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WHISKY (2004)(Sub)
WHISKY
2004
Actors: Andrés Pazos, Mirella Pascual, Jorge Bolani, Ana Katz, Daniel Hendler
Genres: Indie & Art House, Comedy, Drama
UR     2006     1hr 34min

{WINNER! FIPRESCI Prize & Prix Du Regard Original, Cannes Film Festival} — {WINNER! Special Jury prize, Chicago International Film Festival} — {WINNER of 17 Awards Worldwide! } — The deadpan style of Jim Jarmusch meets Aki Ka...  more »

     
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Movie Details

Actors: Andrés Pazos, Mirella Pascual, Jorge Bolani, Ana Katz, Daniel Hendler
Genres: Indie & Art House, Comedy, Drama
Sub-Genres: Indie & Art House, Comedy, Drama
Studio: First Run Features
Format: DVD - Color,Widescreen - Closed-captioned,Subtitled
DVD Release Date: 03/21/2006
Original Release Date: 01/01/2004
Theatrical Release Date: 01/01/2004
Release Year: 2006
Run Time: 1hr 34min
Screens: Color,Widescreen
Number of Discs: 1
SwapaDVD Credits: 1
Total Copies: 0
Members Wishing: 4
MPAA Rating: Unrated
Languages: Italian, Portuguese, Spanish
Subtitles: English

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Movie Reviews

Uruguayan Gem
Chip Cervantes | Nashville, TN USA | 05/07/2006
(5 out of 5 stars)

"A quietly powerful and touching film. Aside from giving North American viewers a rare and fascinating glimpse of a country (Uruguay) that has for so long languished in the shadow of bigger neighbors Argentina and Brazil, Whisky delivers an antidote to the photogenic violence and exoticized romance that in recent decades have tended to dominate both international distribution of Latin American cinema and (perhaps as a consequence) the North's perception of the region. At the same time, this impeccably acted and directed film offers a timely but low-key critique of the effects of the global economy on the kind of marginally poor--but not destitute or violent--people that comprise the majority of Latin America's inhabitants. The film does so without caving in to the demands of the market, which explains its slow pace and also its failure get nominated for an Oscar--a nomination it most certainly deserved."
A tour de force through the Uruguayan world.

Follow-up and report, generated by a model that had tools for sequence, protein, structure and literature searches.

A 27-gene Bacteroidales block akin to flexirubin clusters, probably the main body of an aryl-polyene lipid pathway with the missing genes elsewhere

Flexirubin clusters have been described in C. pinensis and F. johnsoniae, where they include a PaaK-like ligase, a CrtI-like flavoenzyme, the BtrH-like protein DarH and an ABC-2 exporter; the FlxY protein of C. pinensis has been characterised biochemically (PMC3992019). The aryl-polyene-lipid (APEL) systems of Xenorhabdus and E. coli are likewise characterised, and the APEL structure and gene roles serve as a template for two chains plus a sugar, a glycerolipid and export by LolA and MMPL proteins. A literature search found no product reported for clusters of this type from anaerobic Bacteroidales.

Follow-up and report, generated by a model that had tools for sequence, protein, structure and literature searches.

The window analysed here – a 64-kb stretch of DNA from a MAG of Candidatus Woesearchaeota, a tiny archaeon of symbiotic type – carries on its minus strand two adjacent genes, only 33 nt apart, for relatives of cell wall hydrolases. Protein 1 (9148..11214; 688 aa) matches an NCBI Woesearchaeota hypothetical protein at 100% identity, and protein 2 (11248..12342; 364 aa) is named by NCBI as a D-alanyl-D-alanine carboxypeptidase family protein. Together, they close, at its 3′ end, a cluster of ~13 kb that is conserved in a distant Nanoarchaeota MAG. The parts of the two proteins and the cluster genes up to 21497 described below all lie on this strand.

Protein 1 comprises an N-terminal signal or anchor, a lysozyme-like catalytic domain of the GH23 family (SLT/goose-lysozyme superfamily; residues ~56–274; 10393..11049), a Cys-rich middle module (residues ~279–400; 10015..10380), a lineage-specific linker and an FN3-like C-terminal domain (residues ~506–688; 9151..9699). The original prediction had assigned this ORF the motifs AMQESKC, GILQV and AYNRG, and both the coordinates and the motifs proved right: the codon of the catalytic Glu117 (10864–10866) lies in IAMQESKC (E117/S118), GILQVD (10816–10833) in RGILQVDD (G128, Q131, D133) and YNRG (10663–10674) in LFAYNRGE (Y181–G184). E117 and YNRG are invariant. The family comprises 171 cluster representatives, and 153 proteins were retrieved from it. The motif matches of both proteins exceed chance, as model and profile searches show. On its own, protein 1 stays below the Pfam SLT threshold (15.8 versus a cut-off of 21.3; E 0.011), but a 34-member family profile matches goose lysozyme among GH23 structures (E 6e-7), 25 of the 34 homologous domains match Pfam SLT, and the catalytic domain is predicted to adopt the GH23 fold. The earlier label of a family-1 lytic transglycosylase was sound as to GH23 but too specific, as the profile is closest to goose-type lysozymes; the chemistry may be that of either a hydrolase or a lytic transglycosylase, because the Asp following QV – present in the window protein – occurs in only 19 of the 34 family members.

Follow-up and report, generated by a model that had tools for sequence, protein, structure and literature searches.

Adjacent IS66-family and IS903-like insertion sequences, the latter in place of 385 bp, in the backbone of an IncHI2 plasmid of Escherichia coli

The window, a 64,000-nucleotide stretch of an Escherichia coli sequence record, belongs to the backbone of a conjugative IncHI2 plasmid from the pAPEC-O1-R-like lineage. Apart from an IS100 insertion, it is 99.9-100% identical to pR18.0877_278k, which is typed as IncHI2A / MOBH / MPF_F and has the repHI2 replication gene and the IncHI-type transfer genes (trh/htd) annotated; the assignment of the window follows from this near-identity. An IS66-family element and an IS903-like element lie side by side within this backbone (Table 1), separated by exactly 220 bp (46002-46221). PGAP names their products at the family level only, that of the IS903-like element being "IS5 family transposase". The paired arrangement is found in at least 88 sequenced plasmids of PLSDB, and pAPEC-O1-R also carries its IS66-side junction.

Victor Ruano | NYC, United States | 08/08/2006
(5 out of 5 stars)

"Juan Pablo Rebella, the director of this movie, committed suicide on July 5th 2006, a couple of months after the big hit in Cannes. It seems to me, this movie was really his opera prima and terminal film at the same time. Extraordinary lethargic piece of art. Honest and simple, the two hardest thing to do in filmmaking. I only wish we could have enjoyed more of his work and talent. Descansa en Paz amigo Rebella."
Whisky
John Farr | 07/30/2007
(5 out of 5 stars)

"This subtle Uruguayan gem gives new meaning to the term "deadpan comedy", but its nuanced humor, mixed with some very real human drama, makes a refreshing antidote to all the obvious, strained comedies which constantly inundate us. All three lead performances are blisteringly honest: the trio play off each other like seasoned Philharmonic musicians. A poignant, understated slice of life from directors Rebella and Stoll."
A Brother
Amos Lassen | Little Rock, Arkansas | 01/08/2009
(5 out of 5 stars)

""Whisky" (sic)

A Brother

Amos Lassen

In Uruguay the word "whisky" is used by photographers the way they use the word "cheese" in America. And the movie "Whisky" is delightful.
Jacobo Koller is a lonely man. He is middle-aged, owns a sock factory in Montevideo that is failing and he is single. Marta who works for him as a supervisor at the factory is also lonely and also not married. Both of their lives are boring and they both face the same daily routines. When Jacobo's mother died, his younger brother, Herman, who has been living in Brazil, comes to Uruguay to live with him. The two brothers were not friendly in the past and, in fact, resented each other. Unlike Jacobo who is steeped in rigidity and lack of ambition, Herman possesses the ability to enjoy life even in the worst of circumstances. Jacobo asks Marta to pretend to be his wife for a few days so that he will not have to face his brother alone. Marta agrees and her life will change because of this.
What makes this movie so enjoyable is its subtlety and the movie is funny. It succeeds as an allegory on the state of affairs in today's Uruguay. Not so long ago Uruguay had a thriving economy but like Jacobo it has fallen on hard times while its Latin American neighbors such as Argentina and Brazil have improved greatly in terms of economics.
The actors are wonderful and the plot is smart. I love the fact that the Jewish custom of dedicating the tombstone to the mother, the "matzeivah" is included because it adds another dimension to the film bringing in the difference of religion in a country where Jews are truly a minority. The detail of the film is amazing and the way that the character of Jacobo is treated is genius. He has a total lack of ambition and we feel sorry for him because he appears to be harmless, unaggressive and helpless. However, as the film moves forward, we see how that stubbornness may be just stupidity and his indifference is powerful fuel for both fascism and sexism and how resentment can become inflexibility and shortsightedness can become blindness while conformity turns into slow death. His own life is paralyzed by not moving forward from the past.
"